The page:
Thanks, Stephen, for sharing your experience with the tools that work for you.

- Dave

Dave Middlebrook

The Textmapping Project

A resource for teachers improving reading comprehension skills instruction.
www.textmapping.org


Subject: [PD 3932] using the technologies
From: Janet Isserlis
Date: Fri Aug 7 09:11:53 EDT 2009

Stephen and all

Thanks, Stephen, for describing the processes you've used for
speech-to-text. I'm wondering about how you go about explaining and
describing this process to other adults who might be hesitant to try it, or
to other people outside literacy work.

It seems there are so many potential (and already realized) useful
applications for adults with low/no vision, reading challenges, etc. Have
you been able to speak to other adults to help them learn more about all of
this? Have you had opportunities to talk about this work in broader
communities?

thanks

Janet Isserlis


Subject: [PD 3944] Tech
From: steven pritchard
Date: Sat Aug 8 15:51:56 EDT 2009

Hi yes that's easy. I do enjoy traveling around and explaining these tools, these tech tools.

Some adult students may only have a third or fourth grade reading level but they have the potential to go a lot farther, the first question I asked them is can you use an iPod and do you own an iPod,

Sure they say anyone can use an iPod, what about a nano do you have or have your reviews the nano was sure that's easy will what about sending e-mails once again the adult student says yes I've sent e-mails to my friends and my mother my brother and I asked you have any problems doing this will allow it's easy to have you always been able to do this have you always been able to send e-mails well no!

So how did you learn who taught you, like myself I see so no one showed you how to use an iPod no more about e-mail no about the nano now I just played with it so that the tutor helped you and you are allowed to play with the Dragon NaturallySpeaking do you think you could learn it.

Most adults have a fear of something or other some adults who have no literacy problem whatsoever have a problem learning or a fear of playing/learning something new whether it's a computer program or a remote control on your TV, it's fear that stopping us that the technology. We have to teach the tutors first we want the tutors at the various literacy centers around the country and around the world to feel comfortable with the Dragon NaturallySpeaking and the K reader mobile and the dial to do and the browse allowed in the other software programs and technology programs that exist.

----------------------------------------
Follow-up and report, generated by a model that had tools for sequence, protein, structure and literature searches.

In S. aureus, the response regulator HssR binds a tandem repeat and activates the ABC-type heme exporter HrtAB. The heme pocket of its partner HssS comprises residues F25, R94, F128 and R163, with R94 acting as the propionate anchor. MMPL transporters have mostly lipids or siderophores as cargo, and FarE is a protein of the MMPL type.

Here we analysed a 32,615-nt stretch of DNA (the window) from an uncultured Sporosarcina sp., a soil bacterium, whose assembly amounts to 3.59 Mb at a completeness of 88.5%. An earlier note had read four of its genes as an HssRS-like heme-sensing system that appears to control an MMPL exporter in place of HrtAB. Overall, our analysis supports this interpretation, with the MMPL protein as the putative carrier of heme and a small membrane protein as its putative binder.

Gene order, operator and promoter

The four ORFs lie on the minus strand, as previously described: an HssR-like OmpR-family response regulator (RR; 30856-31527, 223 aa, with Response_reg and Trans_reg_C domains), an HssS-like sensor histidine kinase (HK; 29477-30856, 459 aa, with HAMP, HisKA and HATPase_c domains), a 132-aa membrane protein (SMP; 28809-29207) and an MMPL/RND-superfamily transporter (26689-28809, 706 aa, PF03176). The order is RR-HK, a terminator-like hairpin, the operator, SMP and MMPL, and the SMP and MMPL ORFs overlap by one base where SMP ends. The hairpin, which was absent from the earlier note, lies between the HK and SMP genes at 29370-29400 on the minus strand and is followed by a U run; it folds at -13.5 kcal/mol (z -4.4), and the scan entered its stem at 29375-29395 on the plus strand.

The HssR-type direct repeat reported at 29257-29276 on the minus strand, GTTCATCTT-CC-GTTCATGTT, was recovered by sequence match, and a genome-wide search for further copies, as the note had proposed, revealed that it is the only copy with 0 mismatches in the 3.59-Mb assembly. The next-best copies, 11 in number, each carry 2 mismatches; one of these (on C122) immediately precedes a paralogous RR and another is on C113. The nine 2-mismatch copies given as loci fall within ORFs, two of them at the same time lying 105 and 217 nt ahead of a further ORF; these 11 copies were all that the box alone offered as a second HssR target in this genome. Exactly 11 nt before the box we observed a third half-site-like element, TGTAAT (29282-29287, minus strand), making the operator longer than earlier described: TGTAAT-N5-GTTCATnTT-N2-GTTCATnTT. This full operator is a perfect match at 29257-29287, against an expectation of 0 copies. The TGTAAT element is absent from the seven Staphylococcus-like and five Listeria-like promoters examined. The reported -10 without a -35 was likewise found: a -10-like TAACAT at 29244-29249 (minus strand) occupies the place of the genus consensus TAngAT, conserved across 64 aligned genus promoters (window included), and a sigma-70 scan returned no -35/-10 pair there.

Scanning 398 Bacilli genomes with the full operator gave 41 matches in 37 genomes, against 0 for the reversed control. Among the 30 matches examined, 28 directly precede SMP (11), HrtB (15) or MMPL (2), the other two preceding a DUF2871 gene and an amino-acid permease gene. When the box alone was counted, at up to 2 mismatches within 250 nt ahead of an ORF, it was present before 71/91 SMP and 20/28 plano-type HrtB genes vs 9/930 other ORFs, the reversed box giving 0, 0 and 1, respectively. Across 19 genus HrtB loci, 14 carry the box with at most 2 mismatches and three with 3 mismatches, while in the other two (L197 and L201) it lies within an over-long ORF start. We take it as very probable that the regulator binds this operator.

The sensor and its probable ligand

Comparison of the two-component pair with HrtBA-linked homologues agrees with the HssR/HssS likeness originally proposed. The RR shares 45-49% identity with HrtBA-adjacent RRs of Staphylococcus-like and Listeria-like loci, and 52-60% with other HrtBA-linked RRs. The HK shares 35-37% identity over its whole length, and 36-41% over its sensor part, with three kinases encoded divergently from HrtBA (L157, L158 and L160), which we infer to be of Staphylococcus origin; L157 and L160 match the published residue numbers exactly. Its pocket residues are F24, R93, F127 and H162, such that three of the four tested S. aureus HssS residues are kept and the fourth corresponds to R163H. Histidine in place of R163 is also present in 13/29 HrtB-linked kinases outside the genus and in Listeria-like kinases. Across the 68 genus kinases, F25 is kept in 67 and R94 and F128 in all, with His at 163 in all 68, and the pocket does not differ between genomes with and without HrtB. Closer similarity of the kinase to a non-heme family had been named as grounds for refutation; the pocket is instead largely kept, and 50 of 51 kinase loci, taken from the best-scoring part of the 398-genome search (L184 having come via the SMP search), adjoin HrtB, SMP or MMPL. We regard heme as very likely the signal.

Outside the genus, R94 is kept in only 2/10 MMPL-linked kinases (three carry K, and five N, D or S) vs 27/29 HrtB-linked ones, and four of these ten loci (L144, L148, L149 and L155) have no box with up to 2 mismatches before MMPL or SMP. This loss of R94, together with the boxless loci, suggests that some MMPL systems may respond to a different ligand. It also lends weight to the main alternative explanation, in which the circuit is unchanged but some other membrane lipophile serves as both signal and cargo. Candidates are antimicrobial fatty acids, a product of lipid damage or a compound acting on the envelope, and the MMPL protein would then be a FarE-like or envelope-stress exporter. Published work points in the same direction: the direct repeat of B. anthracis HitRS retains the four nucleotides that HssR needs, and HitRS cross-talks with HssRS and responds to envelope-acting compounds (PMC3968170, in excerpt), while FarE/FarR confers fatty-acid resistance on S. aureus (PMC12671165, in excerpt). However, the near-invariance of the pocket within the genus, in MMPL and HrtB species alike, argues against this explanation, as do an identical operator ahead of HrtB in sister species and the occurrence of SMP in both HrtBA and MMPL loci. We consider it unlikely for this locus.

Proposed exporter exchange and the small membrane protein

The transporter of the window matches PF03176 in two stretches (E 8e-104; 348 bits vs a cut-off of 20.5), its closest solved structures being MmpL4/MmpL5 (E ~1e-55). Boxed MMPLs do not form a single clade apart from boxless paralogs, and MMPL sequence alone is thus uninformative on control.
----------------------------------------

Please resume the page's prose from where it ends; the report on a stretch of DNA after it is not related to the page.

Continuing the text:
A great man once said there is nothing to fear but fear itself, another great man even said by the end of this decade we shall put a man on the moon, but let's stop and think what it is we know about putting a man on the moon when John Fitzgerald Kennedy said that nothing! And if we were afraid to embrace these new technologies to get us to the moon we would have never made it my literacy friends. Let us embrace these new technologies and if you have any questions please do not hesitate to contact me or the Drake University Adult Literacy Center .

Sincerely,

S. Prichard


Subject: [PD 3934] Re: using the technologies
From: Silver-Pacuilla, Heidi
Date: Fri Aug 7 12:23:16 EDT 2009

Hello Janet and Steve and all—

I also want to thank you, Steve, for sharing the video and the
explanation of how you use speech-to-text. Both are very powerful!

As we can see from the output/the text, there is plenty of literacy work
going on when someone uses voice recognition software. I think you can
think of it as a technology-mediated Language Experience Approach. The
user/learner speaks the text, the software recognizes with about 80%
accuracy, then there is the back and forth process of correcting,
revising, formatting and editing. This is facilitated for users by the
text-to-speech option in the program (having what you just spoke read
back to you). This is an incredible learning experience for adult new
readers and writers who will argue w the program, "That's not what I
said!", and realize "Oh, is THAT how you spell that word?" It's great
fun to be part of. It removes the helpfully literate teacher out of the
LEA process (writing the words as they are correctly spelled doesn't
really expose misspellings) and puts that person in the role of a
facilitator guiding the interaction.

There is a fairly strong research base on the literacy boost derived
from using speech to text for students w LD. We should draw on that for
adult ed.

Here are two things I've written about using accessible technologies for
adult learners (particularly those w LD) that have the research
referenced.

Getting Started with Assistive Technology, in the November 2007 Focus on Basics:
http://www.ncsall.net/fileadmin/resources/fob/2007/fob_8d.pdf
Assistive Technology and Adult Literacy: Access and Benefits, from Vol 7
of the NCSALL Annual Review:
http://www.ncsall.net/fileadmin/resources/ann_rev/silver-pacuilla-04.pdf

Janet, Heide, and other ESL specialists, I'd be interested to hear your
take on how well this approach may or may not be advisable with adult
ELLs at various stages of English proficiency.

Heidi Silver-Pacuilla


Subject: [PD 3935] Re: using the technologies
From: Robert Berdan
Date: Fri Aug 7 13:25:46 EDT 2009

We are finding that bring text together with speech helps
develop oral reading fluency. Here’s an example, the
first chapter of Greg Mortenson’s Three Cups of Tea:

http://cetl.edtech.csulb.edu/3cups

Another example is Lynne Cox reading the first chapter of
her book Grayson:

http://cetl.edtech.csulb.edu/grayson

In each of these the text is parsed to highlight